Short Sale Negotiators

March 3, 2011 by  
Filed under Short Sale Negotiators

Short Sale Negotiators

Short Sale Negotiators

REALTORS® who conduct short sales are aware that the process can be time-consuming, frustrating and difficult.  As short sales continue to be a large part of the real estate market, many listing agents use short sale negotiators (SSNs) to assist with these transactions.  Some REALTORS® prefer to use SSNs so that they can concentrate on the more traditional role of an agent which is marketing and selling properties.  They elect to leave the difficult and time-consuming business of putting short sale packages together and dealing with the short sale lenders to a SSN.  These SSNs can be effective at getting lenders to approve short sales and help the transactions move faster.

REALTORS®, however, who are considering on being SSNs or using SSNs need to be very careful.  Certain SSNs may not be properly licensed and some may make requests of buyers, sellers, and agents that are simply unlawful.  Due to the problematic conduct of certain SSNs, the Department of Real Estate (DRE) has issued various warnings alerting consumers and the real estate industry of the issues with SSNs.  This article will review some of the things a REALTOR® who is thinking of being a SSN or using a SSN should consider to ensure that the SSN conduct is lawful and proper.

Discussion about the SSN with your client

As the listing agent, you should discuss with your client the merits of retaining a SSN to help with a short sale transaction and to represent the seller in the short sale negotiations with the seller’s lender. A seller should be fully informed as to what a SSN is, the pros and cons of using a SSN, the costs if any to the seller, and the seller’s right to select a SSN of his or her own choice.  It is advisable that a SSN has a SSN agreement in writing for the seller to sign.  As the listing agent or SSN, you cannot provide your client with legal advice, so if the seller has specific legal questions regarding any SSN agreement, you should suggest in writing that the seller review the agreement with an attorney.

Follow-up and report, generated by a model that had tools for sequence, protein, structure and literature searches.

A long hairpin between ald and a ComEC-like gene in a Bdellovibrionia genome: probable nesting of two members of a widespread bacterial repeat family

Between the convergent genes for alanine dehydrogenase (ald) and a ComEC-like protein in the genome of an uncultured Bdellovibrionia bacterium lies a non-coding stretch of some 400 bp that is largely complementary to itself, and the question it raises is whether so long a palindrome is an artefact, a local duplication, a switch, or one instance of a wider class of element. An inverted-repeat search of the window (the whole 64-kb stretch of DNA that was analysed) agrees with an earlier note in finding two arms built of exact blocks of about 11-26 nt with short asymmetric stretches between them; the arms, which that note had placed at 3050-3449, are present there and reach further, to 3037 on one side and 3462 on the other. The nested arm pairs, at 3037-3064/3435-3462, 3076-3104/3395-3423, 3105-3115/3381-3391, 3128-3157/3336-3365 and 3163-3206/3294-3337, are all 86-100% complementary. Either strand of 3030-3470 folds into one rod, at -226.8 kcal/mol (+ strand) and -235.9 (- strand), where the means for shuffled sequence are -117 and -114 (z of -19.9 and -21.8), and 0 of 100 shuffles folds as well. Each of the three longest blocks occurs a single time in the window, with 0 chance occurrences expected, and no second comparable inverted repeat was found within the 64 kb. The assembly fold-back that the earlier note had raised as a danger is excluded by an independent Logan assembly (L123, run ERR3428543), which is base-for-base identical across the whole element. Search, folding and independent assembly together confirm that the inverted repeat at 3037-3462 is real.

Licensing

Make sure a SSN is properly licensed.   A SSN must be a licensed real estate broker or a licensed salesperson who is working under a broker.  An attorney is exempt from the real estate license requirement if certain conditions are met, such as the attorney is not using or attempting to use the exemption for the purpose of evading the licensing laws (Cal. Bus. & Prof. Code § 10133(a)(3)), and the attorney is not actively and principally engaged in the business of negotiating mortgage loans (Cal. Bus. & Prof. Code § 10133.1(a)(5)).

An indication that a SSN is not properly licensed is when the short sale negotiation entity is an LLC.  In California, an LLC cannot get a real estate broker’s license and therefore, should not be doing short sale negotiation. It is illegal to pay an unlicensed individual or entity for doing licensed work.  Even if it is technically your client who pays the SSN, as the person who effectively arranged the transaction, you may expose yourself to both criminal and civil liability, and you could have your license revoked or suspended by the DRE.

Payment of the SSN fees

Most SSNs do not require payment from the seller.  However, if a SSN does want payment from a seller, keep in mind that the DRE has rules regarding advance fees.  The law generally prohibits anyone who negotiates, attempts to negotiate, arranges, attempts to arrange, or offers to perform a loan modification or other form of mortgage loan forbearance, from claiming or demanding any upfront compensation (Cal. Civil Code § 2944.7(a)).  Furthermore, a SSN cannot collect an advance fee from a seller unless the advance fee agreement and materials have been submitted to the DRE for review (Cal. Bus. & Prof. Code § 10085), and any fees collected are handled in compliance with DRE advance fee and trust fund handling requirements (Cal. Bus. & Prof. Code § 10146).